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Allen M., Esq.
Allen M., Esq., Lawyer
Category: Criminal Law
Satisfied Customers: 19222
Experience:  Criminal law experience in both JAG and the civilian sector.
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statute of limitations; when does the clock start, when the

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statute of limitations; when does the clock start, when the incident occurred or when charges are filled. not a capital case
Thank you for your question today, I look forward to assisting you. I bring nearly 20 years of legal experience in various disciplines.

The statute of limitations for criminal offenses in California begin to run the date of the offense. The amount of time that they have to file the charges depends on what they are charging, because that determines how much jail time could be available and it is that figure that determines what class the charge fits under (so, the SOL could be 10 years, 8 years, 4 years, 3 years or even 1 year.....depending on the exact charge).

The time clock that starts running on the date the files are charged is called the "speedy trial" clock and it is the time that they have to actually complete a trial following charging someone (they can't take forever to do that).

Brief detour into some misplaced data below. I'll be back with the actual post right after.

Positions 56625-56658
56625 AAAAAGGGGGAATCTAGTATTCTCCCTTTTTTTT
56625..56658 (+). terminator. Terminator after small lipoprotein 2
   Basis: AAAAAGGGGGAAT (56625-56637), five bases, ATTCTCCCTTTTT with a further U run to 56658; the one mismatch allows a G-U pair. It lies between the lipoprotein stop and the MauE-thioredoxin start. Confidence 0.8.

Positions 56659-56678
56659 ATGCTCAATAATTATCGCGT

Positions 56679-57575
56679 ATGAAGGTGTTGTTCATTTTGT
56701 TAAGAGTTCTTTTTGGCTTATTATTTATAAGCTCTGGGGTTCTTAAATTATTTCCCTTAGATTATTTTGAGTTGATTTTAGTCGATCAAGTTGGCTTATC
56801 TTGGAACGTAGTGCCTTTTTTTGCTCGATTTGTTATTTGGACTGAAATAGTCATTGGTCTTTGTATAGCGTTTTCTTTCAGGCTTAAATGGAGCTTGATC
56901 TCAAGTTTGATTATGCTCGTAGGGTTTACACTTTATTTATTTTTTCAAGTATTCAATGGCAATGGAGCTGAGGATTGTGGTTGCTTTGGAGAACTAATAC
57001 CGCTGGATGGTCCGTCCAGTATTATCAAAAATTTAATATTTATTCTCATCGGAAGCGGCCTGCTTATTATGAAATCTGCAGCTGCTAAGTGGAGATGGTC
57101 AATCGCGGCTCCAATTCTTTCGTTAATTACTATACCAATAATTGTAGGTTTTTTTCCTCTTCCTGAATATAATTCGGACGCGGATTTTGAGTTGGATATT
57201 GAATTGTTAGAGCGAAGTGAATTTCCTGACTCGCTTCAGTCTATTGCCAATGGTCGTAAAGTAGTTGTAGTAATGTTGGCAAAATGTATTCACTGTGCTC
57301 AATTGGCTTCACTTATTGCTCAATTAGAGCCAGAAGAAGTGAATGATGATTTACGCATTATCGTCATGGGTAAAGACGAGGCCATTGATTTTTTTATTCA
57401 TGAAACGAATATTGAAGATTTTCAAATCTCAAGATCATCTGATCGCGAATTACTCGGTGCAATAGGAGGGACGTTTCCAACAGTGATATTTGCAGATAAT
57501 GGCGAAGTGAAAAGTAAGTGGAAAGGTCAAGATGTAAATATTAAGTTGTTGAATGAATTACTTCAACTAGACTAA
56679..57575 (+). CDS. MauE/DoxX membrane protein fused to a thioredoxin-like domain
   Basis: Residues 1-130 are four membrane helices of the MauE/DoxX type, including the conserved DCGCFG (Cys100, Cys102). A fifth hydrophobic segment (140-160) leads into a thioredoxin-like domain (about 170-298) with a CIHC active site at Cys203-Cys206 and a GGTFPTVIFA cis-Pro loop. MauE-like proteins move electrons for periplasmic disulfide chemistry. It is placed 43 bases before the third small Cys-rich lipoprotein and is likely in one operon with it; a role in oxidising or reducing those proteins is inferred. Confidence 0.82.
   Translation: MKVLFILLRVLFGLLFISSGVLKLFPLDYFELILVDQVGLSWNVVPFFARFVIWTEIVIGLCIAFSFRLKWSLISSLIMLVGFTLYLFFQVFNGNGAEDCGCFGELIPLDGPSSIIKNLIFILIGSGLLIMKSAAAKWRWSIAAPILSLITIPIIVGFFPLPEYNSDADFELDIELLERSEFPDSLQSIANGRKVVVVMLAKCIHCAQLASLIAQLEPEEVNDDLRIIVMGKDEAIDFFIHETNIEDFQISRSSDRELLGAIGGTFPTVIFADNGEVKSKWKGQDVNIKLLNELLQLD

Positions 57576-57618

Customer: replied 4 years ago.

i haven't been charged or anything, and the incident occurred in 2007, so the date of the crime does not count it when they officially charge you

No. That's not what I said.

The date of the offense is what counts. The statute of limitations begins to run the moment the offense occurs. But 2007 is not that long ago. That's only 5 years ago and there are a number of crimes that that would still be within the statute of limitations.

So, it could or could not be within the statute of limitations. It really depends on what could be charged.

An entirely different clock starts running after you are charged, but that's not relevant to your question so don't worry about it.

To answer your question again, the statute of limitations begins running from the date of the crime.
Customer: replied 4 years ago.

my clock says 6 years ago. But thank you so very much, i apologize for being so obtuse. But you gave me the answer

Yeah, 6 years. I picked law school because I was bad at math.

So, that takes you beyond many of the SOL's but not all of them. Again, it really depends on what you could be charged with, but most crimes would be beyond the SOL.

Take care.
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